Stones in His Pockets' Sean Campion and Conleth Hill are used to competing against each other for awards. The two Irishmen, whose quick- change transformations from American film stars, directors and bodyguards into Irish extras and townspeople won them serious accolades, have already faced off in London's West End, where Hill took home the Olivier. Now in New York City, they're both nominated for the Best Actor in a Play Tony Award.
Still, there's no sense of one-upsmanship between the actors. "What's lovely is that the show got three nominations," Hill said.
"The Tony Awards, that's the top of your profession, plus there's the whole history of Broadway. To find yourself walking into a room and to be included in all that, it's a phenomenal feeling. I don't think we're going to realize what's been happening to us until we get time to stand back from this when the show is over. At the moment, it's an extraordinary roller coaster ride," Campion added.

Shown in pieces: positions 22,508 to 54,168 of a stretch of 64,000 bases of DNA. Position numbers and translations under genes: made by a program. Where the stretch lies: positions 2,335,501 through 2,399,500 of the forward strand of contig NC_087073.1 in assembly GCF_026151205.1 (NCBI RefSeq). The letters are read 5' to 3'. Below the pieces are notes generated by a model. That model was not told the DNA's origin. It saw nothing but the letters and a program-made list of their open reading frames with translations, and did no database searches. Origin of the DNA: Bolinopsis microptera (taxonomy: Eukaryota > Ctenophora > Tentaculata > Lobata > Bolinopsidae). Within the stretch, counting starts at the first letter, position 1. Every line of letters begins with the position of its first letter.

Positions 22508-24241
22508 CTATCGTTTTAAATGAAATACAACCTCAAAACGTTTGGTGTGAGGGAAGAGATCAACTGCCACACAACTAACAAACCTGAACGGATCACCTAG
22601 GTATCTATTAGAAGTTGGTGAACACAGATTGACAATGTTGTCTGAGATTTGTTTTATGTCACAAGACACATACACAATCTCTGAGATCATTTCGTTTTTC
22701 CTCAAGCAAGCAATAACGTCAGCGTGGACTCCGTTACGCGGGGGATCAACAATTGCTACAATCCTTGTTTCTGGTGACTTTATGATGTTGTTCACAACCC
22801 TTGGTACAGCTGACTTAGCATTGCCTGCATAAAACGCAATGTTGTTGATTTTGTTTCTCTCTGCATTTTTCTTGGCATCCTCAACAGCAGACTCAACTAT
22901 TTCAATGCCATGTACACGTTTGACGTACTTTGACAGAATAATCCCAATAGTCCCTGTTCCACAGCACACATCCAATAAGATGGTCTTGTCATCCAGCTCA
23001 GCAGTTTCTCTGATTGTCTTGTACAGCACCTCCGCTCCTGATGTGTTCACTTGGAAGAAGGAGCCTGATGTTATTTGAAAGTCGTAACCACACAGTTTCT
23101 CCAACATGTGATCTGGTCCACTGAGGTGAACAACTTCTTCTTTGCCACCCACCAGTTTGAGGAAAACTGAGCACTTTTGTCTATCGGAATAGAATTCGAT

In Stones in His Pockets, Campion and Hill play a multitude of characters, ranging both sexes, several nationalities and all ages. There's the main characters - Jake and Charlie - two Irishmen seeking extra work in an American film for a little cash, plus the spoiled and sexy American film star Caroline, the hunchbacked British film director Clem, the last surviving extra from "The Quiet Man" and two of the town's young men, Sean Harkin and his best friend Fenn, whose tragedy provides an emotional center for the comedy.
Hill can't name a favorite from his various parts (including Caroline, Charlie and Clem), but Campion likes playing Jake best. "I like Jake the most because he's the character who goes through the whole play and has the journey to make. That voyage and discovery for him is really good to play. The others, they're just great fun," Campion said.